The Fire Safety
The Regulatory Reform (Fire Safety) Order 2005 was approved
by Parliament on 7 June 2005 and came into force in October
It has replaced all the existing fire safety legislation and
will have an impact on all employers, owners, occupiers and self-employed
businesses. There are very few exceptions from having to comply
with the new regulations.
It will apply in England and Wales, with Northern Ireland and
Scotland having their own laws. It covers 'general fire precautions'
and other fire safety duties which are needed to protect 'relevant
persons' in case of fire in and around most premises.
Currently there are over 100 pieces of legislation dating from
1947 – 1999 which have an impact on fire safety. Many firms
have to comply with one or more of these which can cause confusion
To simplify this, Industry, the Government and the Fire & Rescue
Services have streamlined all the legislation into one document.
It is a much simpler piece of legislation to follow. It firmly
places the responsibility for all fire safety matters with not
only the employer, but also the owner of a building (who may
not be the employer) and other persons who are responsible for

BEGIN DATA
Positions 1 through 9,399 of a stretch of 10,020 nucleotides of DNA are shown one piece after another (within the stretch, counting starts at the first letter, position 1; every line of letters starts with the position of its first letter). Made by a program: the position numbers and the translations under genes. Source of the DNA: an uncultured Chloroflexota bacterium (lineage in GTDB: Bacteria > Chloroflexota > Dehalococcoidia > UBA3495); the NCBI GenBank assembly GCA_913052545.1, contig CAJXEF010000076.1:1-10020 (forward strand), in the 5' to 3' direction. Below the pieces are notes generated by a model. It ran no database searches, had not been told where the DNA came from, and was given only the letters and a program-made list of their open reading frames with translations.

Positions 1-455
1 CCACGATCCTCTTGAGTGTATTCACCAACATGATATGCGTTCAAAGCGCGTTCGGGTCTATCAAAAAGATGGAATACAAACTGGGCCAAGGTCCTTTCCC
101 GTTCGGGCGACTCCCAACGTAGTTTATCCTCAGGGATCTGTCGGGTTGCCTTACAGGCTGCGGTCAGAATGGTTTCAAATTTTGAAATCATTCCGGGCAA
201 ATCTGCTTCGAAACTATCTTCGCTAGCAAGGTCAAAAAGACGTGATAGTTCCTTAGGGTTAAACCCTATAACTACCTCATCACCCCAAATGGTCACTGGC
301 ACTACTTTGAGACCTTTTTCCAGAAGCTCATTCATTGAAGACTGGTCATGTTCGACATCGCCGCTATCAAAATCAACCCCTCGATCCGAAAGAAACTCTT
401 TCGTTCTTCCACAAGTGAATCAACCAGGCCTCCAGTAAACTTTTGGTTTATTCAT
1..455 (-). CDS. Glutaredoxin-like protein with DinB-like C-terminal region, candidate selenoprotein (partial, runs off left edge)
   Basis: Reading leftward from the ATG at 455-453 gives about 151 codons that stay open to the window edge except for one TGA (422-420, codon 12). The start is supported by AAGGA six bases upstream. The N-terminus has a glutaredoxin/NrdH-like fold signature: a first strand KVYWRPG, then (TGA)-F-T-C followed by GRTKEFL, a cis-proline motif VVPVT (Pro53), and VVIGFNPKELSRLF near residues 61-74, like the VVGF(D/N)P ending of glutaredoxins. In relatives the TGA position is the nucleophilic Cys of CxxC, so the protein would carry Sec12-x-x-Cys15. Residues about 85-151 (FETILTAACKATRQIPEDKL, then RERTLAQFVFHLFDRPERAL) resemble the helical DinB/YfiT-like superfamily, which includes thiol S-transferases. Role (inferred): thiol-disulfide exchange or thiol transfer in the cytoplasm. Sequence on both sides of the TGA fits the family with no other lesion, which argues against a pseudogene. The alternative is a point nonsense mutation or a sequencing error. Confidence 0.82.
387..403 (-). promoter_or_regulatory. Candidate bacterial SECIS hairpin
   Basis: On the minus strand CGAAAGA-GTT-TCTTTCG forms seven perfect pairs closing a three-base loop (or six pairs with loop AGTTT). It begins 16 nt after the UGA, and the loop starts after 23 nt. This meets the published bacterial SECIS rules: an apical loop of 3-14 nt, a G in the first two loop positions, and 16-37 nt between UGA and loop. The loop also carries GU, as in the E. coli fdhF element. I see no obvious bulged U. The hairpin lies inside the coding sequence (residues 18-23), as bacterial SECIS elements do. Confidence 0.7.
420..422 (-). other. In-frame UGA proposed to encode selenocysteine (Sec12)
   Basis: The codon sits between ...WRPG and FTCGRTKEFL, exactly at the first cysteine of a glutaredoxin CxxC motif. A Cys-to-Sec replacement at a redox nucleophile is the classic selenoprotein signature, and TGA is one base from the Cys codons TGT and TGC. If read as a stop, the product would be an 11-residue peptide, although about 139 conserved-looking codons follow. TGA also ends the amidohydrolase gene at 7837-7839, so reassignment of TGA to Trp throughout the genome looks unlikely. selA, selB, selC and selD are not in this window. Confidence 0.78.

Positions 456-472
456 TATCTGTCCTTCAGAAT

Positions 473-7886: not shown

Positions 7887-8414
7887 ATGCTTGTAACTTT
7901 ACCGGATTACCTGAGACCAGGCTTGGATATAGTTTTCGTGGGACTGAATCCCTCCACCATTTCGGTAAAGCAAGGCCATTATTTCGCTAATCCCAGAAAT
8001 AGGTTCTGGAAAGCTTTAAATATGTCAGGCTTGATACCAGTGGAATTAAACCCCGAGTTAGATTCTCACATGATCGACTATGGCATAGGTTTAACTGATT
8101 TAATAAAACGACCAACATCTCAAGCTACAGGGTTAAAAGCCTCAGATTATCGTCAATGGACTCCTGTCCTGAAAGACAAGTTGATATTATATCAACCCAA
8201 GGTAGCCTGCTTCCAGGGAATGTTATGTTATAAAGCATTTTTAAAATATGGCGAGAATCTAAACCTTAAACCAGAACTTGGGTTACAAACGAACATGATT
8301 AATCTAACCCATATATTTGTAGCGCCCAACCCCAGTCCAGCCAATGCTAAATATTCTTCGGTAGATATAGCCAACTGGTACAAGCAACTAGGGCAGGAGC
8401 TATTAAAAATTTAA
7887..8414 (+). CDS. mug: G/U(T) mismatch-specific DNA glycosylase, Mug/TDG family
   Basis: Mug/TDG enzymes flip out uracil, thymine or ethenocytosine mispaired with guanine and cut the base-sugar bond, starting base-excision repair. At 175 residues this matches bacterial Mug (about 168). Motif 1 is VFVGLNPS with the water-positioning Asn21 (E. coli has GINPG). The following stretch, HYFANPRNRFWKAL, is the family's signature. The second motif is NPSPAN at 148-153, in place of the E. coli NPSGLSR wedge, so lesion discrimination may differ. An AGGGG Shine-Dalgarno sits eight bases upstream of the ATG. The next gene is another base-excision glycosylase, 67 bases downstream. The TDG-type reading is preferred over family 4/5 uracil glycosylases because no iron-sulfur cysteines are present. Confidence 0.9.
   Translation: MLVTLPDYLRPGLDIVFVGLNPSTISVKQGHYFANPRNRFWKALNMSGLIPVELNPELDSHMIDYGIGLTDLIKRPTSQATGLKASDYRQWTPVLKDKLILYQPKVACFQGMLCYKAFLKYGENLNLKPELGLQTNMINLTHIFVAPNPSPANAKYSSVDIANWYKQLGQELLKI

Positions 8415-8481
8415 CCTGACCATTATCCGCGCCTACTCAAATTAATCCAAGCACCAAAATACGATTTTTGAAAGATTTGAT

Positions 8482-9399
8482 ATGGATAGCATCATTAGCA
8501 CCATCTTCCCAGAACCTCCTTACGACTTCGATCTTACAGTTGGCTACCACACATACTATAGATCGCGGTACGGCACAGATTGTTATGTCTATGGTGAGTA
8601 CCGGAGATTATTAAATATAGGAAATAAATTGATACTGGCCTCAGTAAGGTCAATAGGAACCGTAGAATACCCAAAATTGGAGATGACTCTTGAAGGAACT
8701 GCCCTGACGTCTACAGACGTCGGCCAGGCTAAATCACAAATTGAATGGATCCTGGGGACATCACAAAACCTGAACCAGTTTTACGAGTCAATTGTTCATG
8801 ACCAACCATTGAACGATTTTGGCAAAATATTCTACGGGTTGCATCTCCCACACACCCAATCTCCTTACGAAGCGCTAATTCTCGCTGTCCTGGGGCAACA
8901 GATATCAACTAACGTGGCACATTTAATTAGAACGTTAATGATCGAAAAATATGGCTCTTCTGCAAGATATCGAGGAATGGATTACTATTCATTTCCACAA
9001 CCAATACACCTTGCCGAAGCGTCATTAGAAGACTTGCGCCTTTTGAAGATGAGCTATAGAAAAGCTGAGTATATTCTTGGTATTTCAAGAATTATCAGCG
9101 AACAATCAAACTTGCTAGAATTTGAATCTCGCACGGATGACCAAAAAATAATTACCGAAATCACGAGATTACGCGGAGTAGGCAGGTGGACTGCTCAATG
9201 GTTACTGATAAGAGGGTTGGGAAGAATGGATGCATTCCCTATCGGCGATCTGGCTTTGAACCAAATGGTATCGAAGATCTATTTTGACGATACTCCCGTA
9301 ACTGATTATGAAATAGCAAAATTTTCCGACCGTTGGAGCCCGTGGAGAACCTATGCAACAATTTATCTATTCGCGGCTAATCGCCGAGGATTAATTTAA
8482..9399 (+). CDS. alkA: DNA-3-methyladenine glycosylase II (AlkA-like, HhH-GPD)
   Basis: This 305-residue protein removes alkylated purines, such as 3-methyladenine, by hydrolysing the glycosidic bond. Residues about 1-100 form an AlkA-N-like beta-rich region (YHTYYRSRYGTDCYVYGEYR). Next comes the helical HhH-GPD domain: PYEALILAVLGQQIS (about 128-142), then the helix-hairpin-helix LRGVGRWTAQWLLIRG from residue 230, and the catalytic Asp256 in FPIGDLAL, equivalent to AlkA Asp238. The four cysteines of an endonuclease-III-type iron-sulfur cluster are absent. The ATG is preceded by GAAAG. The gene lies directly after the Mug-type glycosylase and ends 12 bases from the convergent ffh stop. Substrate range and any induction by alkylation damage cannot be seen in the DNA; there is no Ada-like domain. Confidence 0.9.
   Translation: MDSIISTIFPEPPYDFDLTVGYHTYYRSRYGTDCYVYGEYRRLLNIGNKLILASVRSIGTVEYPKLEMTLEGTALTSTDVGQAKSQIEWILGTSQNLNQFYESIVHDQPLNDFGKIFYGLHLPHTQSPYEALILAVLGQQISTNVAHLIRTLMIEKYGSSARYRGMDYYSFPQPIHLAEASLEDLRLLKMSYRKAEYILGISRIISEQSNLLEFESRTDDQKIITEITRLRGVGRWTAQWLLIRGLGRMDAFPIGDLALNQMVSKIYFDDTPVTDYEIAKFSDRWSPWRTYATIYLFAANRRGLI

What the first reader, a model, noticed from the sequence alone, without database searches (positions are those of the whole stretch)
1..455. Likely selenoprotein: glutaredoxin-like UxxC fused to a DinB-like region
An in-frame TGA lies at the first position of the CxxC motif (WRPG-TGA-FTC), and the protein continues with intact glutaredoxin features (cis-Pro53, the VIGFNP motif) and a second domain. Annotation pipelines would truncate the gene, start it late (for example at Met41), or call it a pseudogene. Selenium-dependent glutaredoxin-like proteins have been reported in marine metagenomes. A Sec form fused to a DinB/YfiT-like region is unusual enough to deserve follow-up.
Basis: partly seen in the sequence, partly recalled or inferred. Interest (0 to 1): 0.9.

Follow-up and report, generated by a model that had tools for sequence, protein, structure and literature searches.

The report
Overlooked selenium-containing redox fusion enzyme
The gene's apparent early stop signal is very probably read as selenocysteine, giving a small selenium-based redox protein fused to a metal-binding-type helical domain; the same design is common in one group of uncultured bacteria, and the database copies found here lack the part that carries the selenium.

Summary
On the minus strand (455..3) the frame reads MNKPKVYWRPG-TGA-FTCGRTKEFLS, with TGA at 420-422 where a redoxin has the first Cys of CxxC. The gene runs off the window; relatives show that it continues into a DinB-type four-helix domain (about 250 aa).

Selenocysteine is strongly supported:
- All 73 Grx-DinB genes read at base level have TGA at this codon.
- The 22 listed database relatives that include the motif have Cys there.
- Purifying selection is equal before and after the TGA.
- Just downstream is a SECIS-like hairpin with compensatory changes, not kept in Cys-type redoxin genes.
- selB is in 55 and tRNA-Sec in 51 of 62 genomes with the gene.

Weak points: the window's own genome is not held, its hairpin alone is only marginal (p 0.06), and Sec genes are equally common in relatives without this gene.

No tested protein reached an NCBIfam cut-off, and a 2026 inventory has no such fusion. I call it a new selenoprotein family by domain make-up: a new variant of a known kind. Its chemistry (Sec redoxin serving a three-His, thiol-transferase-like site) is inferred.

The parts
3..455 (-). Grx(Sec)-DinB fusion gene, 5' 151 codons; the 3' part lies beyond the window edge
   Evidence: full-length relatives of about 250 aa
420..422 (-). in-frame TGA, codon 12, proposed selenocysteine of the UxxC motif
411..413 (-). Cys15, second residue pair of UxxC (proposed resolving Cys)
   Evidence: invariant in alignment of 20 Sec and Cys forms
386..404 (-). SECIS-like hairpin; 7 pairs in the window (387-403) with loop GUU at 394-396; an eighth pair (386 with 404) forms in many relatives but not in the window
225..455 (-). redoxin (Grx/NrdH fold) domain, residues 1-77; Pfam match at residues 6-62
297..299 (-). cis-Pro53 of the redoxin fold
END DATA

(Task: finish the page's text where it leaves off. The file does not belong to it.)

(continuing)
The main effect of the changes will be a move towards greater
emphasis on fire prevention in all non-domestic premises, including
the voluntary sector and self-employed people with premises separate
from their homes.
Fire certificates has been abolished and cease to have
The Order requires fire precautions to be put in place where
necessary and as far as is reasonable and practicable in the
circumstances of the case.
Responsibility for complying with the Fire Safety Order rests
with the 'responsible person'.
In a workplace, this is the employer and any other person who
may have control of any part of the premises, e.g. the occupier
or owner. In all other premises the person or people in control
of the premises will be responsible. If there is more than one
responsible person in any type of premises, all must take all
reasonable steps to work with each other.
If you are the responsible person you must carry out a fire
risk assessment which must focus on the safety in case of fire
of all 'relevant persons'. It should pay particular attention
to those at special risk, such as the disabled and those with
special needs, and must include consideration of any dangerous
substance likely to be on the premises.
Your fire risk assessment will help you identify risks that
can be removed or reduced and to decide the nature and extent
of the general fire precautions you need to take to protect people
against the fire risks that remain.
If you employ five or more people you must record the significant
findings of the assessment.